|FOR IMMEDIATE RELEASE
February 1, 1995
Release # 95-073
|CPSC: Kathleen Begala
(301) 504-0580, Ext. 1193
CPSC Releases New Study on Infant
"Don't put your baby to sleep on top of soft
bedding," CPSC Chairman Ann Brown warns.
Washington, D.C. - Unsafe use of soft bedding may contribute to the deaths of as many as
1,800 infants each year, according to a study being released today by the U.S. Consumer
Product Safety Commission.
The two-year study found that up to 30 percent of the 6,000 babies who die of Sudden
Infant Death Syndrome (SIDS) each year may have suffocated to death when placed on top of
pillows, comforters, sheepskins, and other soft products.
The findings emphasize the need for parents to be careful when putting their infants down
to sleep in their cribs, said CPSC Chairman Ann Brown. Parents should never put their
babies to sleep on top of soft, fluffy products such as pillows, comforters, or
sheepskins, she said.
"Many parents are buying soft, fluffy infant products for cribs," the chairman
added. "Such products are beautiful, but parents must remember: never put fluffy
products under a baby."
"It is important to note that we have not found a cause for SIDS," Brown said.
"But this study does show an association between infants placed on top of soft
bedding and many deaths attributed to SIDS."
The study was sparked by preliminary evidence that soft bedding may play a role in the
occurrence of Sudden Infant Death Syndrome, which kills some 6,000 babies each year in the
A team of CPSC investigators found that about 30 percent of infants who died of SIDS
between 1992 and 1993 were found with their noses and mouths covered by soft bedding. Most
of those infants had been placed on their stomachs to sleep and were lying either on top
of sheepskin bedding, on top of pillows, or on top of comforters.
By using mechanical models to recreate the death scenes, scientists tested the bedding for
carbon dioxide accumulation. Their tests found that high levels of carbon dioxide
frequently accumulated in some of the bedding products. Rebreathing their own carbon
dioxide may have contributed to the infants' deaths, the researchers concluded.
The CPSC study used a unique, multi-site, multi-disciplinary design to examine the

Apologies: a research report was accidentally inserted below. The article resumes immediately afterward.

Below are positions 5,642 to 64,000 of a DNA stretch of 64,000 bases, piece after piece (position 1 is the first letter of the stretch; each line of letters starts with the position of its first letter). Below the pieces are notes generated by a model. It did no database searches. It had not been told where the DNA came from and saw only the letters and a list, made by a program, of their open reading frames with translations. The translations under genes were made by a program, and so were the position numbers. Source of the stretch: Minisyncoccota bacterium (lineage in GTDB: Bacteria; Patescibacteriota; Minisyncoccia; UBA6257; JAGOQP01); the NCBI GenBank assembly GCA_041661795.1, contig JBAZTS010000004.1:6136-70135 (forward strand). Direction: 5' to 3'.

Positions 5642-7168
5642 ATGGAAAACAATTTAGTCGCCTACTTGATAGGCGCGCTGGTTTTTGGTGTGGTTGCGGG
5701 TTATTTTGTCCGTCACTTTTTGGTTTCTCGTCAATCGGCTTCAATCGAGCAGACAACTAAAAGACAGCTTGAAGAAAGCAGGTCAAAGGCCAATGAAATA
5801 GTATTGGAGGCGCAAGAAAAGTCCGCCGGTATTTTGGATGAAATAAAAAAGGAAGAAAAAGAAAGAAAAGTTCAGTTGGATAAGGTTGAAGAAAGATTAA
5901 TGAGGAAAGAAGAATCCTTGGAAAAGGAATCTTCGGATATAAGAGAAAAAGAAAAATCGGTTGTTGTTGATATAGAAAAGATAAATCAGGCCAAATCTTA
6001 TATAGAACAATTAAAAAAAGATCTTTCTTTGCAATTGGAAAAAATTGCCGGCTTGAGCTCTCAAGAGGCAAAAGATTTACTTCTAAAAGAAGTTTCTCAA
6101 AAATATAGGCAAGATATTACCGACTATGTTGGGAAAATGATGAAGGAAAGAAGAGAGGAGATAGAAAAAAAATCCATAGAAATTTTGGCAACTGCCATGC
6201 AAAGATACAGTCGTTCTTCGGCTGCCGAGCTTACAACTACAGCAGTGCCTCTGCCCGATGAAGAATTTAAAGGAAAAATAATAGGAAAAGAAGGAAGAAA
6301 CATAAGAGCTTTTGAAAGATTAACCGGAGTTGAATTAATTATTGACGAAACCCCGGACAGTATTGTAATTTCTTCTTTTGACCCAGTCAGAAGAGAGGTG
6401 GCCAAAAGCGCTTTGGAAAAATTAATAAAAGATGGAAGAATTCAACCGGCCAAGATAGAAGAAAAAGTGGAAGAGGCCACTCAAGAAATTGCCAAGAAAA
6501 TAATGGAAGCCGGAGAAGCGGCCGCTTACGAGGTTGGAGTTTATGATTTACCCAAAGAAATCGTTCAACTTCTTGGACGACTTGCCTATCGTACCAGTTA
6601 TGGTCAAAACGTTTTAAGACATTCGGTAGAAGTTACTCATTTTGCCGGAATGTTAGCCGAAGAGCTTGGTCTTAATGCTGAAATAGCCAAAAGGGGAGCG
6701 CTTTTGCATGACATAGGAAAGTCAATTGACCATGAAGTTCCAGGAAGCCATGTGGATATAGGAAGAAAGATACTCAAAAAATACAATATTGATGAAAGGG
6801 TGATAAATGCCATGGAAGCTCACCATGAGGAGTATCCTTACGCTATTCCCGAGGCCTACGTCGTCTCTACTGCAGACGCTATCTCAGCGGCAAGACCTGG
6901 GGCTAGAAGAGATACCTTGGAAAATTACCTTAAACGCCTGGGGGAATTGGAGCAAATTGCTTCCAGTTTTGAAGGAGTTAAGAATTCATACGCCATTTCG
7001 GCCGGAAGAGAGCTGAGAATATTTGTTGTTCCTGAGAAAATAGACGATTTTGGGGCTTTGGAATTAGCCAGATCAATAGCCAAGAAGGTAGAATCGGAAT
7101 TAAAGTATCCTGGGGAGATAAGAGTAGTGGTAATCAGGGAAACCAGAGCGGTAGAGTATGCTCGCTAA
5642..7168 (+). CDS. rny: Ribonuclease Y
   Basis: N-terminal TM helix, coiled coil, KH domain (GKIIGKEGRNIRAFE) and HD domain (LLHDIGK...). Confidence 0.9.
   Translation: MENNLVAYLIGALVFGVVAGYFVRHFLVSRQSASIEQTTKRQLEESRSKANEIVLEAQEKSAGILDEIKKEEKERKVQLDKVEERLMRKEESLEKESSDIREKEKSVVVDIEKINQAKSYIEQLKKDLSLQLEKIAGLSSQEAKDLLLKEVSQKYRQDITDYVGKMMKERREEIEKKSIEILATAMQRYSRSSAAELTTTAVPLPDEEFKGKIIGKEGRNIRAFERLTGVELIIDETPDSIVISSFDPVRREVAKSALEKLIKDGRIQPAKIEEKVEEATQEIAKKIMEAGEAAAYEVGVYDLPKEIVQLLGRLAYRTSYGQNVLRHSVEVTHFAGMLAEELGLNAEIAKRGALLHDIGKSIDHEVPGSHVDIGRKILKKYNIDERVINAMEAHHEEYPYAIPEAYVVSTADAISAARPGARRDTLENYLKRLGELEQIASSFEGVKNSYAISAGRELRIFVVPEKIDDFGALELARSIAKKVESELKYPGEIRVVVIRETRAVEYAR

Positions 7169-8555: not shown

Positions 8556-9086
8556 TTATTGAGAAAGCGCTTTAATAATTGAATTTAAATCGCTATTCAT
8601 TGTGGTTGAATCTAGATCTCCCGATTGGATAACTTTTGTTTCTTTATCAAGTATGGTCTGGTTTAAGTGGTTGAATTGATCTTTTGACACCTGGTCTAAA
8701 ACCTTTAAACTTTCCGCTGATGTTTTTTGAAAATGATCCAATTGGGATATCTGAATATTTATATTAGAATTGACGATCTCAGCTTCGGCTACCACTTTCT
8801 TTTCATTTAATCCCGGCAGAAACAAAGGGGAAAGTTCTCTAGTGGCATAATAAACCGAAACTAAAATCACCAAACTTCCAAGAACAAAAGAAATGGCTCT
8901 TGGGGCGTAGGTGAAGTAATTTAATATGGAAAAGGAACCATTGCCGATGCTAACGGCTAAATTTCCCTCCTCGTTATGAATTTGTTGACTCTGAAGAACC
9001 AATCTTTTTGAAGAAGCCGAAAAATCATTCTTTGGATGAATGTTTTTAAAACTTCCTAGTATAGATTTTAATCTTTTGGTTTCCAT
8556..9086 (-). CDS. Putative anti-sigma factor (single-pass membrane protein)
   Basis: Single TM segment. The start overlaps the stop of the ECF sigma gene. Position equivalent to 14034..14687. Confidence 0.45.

association of bedding products and SIDS deaths. CPSC began the study after learning of
infant deaths associated with the use of soft products designed for babies. Eighty percent
of the SIDS deaths that CPSC studied occurred in babies under the age of four months.
"The study performed by the Consumer Product Safety Commission is an important
contribution to our understanding and possible prevention of this devastating
problem," said John Kattwinkel, M.D., chairman of the American Academy of Pediatrics'
task force on SIDS.
CPSC recommends the following safety guidelines for infants less than eight months old:
- Place infants to sleep in a crib on a firm, flat
- Do not place soft, fluffy products, such as
pillows, comforters, or sheepskins under infants while they sleep or nap.
- Place healthy infants on their backs or sides to
sleep, as recommended by the American Academy of Pediatrics.
The U.S. Consumer Product Safety
Commission protects the public from the unreasonable risk of injury or death from 15,000
types of consumer products under the agency's jurisdiction. To report a dangerous product
or a product-related injury and for information on CPSC's fax-on-demand service, call
CPSC's hotline at (800) 638-2772 or CPSC's teletypewriter at (800) 638-8270. To order a
press release through fax-on-demand, call (301) 504-0051 from the handset of your fax
machine and enter the release number. Consumers can obtain this release and recall
information or report product hazards to firstname.lastname@example.org.